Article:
Original sponsor indicates they will seek to replace it with a unamendable constitutional initiative instead
By William Stash Jones
Oregon Cannabis Connection
April 7, 2017— In November 2016 the citizens of North Dakota voted overwhelmingly to legalize medical marijuana. The North Dakota Medical Marijuana Legalization Initiative, or Measure 5 on the ballot last year, received over 64% of the popular vote and was a major victory in the conservative state. The initiative allows for a physician to recommend treatment with cannabis for a number of specifically approved ailments.
Unfortunately, the legislature has taken a hatchet to the original measure, which was passed as a simple statutory amendment and not a constitutional amendment. The state Health and Human Services committee made over 40 changes to the original measure creating a completely different law than intended.
“They are so worried about kids getting into medicated foods, yet the opioid addiction issues across our state run rampant and what are they doing about that,” Rilie Ray Morgan, the original sponsor of the initiative, told Oregon Cannabis Connection in a phone interview.
The major changes to the initiative that are troublesome. They allow no smoking of flower without direct doctor approval, yet they completely eliminated edibles. They deemed no products with a THC level higher than 6%, and they removing the home growing provisions in the original measure the voters passed.
The bill, SB 2344, passed the house committee by a vote of 13-1 in favor and the floor vote was 79-13 in favor. The bill already passed through the Senate with the required majority. It will now go through a conference committee of three senators and three house members to negotiate the final details.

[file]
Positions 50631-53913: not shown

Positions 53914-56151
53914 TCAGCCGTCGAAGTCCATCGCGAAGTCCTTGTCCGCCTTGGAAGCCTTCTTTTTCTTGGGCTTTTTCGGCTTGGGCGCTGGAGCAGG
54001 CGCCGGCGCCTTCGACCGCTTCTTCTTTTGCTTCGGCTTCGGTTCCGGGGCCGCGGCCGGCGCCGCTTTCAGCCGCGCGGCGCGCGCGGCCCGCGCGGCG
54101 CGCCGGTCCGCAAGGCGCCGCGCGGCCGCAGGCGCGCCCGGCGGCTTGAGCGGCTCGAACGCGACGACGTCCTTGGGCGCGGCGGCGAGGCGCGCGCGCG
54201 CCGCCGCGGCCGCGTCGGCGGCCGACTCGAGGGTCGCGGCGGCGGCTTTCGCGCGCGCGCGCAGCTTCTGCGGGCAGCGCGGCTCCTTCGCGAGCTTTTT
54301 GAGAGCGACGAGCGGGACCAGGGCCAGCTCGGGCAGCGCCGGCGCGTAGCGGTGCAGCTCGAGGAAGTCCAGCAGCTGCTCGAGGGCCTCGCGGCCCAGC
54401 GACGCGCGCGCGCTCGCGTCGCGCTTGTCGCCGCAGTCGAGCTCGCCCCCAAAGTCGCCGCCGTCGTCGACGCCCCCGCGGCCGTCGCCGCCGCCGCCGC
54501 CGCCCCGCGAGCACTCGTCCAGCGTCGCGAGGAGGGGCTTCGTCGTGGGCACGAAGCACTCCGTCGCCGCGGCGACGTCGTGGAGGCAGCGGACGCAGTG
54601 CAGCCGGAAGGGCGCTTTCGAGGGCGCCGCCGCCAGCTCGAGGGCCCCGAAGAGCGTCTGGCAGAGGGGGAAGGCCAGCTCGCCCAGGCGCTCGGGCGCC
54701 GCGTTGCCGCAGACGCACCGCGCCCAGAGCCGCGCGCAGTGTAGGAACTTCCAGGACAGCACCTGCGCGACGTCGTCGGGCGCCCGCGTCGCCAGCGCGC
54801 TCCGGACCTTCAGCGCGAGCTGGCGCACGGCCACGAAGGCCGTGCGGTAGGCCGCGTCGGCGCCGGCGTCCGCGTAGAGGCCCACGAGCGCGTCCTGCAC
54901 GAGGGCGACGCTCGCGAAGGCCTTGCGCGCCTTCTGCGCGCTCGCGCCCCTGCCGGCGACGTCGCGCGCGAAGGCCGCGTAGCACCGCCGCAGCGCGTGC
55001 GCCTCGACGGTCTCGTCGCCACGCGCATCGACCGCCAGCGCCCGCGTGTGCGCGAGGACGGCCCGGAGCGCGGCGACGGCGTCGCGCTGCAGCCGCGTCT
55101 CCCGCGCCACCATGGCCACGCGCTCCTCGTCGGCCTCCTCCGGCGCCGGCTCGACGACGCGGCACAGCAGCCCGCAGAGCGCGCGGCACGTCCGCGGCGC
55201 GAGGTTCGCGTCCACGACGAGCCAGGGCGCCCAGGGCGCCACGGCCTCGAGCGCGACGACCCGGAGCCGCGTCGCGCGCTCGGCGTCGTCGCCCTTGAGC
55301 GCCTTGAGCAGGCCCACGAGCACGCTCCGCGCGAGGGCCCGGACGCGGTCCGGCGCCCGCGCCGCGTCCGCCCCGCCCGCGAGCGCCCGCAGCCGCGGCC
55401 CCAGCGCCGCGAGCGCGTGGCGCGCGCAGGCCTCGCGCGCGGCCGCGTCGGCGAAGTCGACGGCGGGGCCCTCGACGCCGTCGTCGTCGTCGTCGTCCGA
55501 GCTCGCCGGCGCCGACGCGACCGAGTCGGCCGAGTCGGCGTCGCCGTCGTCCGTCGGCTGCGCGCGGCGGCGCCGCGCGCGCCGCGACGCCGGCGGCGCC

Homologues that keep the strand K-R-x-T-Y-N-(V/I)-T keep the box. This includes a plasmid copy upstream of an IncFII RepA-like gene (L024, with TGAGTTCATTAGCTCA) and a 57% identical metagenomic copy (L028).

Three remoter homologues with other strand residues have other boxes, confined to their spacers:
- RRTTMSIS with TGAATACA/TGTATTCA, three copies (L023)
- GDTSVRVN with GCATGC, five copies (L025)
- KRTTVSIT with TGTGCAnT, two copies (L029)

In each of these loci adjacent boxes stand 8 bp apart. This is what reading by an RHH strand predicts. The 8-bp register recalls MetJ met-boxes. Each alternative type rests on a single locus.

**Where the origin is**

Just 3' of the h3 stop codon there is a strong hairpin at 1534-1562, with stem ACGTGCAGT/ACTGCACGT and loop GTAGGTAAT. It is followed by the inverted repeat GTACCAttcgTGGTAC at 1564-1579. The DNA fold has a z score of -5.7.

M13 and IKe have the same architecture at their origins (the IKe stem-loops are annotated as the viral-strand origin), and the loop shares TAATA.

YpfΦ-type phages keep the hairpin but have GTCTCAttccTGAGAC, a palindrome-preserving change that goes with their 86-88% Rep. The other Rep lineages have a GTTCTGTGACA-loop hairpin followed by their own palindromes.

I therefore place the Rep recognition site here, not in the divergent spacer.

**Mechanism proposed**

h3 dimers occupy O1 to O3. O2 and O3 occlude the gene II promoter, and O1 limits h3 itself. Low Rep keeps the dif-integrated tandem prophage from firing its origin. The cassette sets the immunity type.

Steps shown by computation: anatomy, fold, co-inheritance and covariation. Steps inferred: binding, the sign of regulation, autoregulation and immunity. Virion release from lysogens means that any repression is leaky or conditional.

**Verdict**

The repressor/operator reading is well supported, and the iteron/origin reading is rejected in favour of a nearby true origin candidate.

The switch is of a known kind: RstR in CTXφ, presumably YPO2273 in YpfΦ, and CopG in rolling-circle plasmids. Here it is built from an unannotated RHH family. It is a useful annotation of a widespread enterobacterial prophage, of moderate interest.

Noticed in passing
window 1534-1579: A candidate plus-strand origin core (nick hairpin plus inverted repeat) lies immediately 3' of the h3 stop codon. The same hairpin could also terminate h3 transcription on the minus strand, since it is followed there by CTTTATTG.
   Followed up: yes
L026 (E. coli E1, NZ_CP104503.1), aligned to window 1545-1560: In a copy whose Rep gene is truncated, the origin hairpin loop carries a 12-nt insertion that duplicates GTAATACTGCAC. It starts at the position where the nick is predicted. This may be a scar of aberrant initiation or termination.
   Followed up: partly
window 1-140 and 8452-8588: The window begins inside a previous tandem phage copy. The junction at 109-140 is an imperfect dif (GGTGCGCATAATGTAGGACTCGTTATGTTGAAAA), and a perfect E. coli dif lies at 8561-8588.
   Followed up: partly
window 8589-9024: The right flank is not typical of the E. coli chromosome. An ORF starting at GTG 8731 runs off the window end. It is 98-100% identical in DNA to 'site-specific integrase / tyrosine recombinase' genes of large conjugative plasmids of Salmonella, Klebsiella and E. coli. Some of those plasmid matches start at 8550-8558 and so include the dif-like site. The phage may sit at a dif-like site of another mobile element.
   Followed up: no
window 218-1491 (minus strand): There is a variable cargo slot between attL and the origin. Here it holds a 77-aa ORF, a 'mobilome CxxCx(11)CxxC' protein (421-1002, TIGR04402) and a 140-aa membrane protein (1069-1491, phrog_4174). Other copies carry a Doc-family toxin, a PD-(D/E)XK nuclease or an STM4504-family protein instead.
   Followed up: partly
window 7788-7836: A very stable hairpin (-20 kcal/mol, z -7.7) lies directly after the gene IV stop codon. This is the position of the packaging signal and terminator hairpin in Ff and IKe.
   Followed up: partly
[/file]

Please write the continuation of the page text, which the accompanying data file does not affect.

A statutory amendment in North Dakota can be changed and amended by the legislature with a 2/3rds majority vote, but a constitutional amendment cannot be changed for seven years. Politicians have made wholesale changes to the measure leaving it very different than originally intended.
Morgan testified during public comment at a committee hearing that they are facing a lawsuit or another voter initiative if they move forward with the legislation with these changes. The successful 2016 initiative required about 14,000 signatures to qualify, but a constitutional initiative would require twice as many.
“I told them we could always get another initiated measure two years down the road, and believe me, with as many people as you have pissed off concerning this Measure 5 we will have no problem getting the signatures and getting it back on the ballot again [as a constitutional measure]” Morgan said he told the committee. “They promised this program would be up and running and we would have medical cannabis in our hands in one year us they would have a medical marijuana program. If it’s not, we will start a process of getting an initiated measure on the ballot again.”
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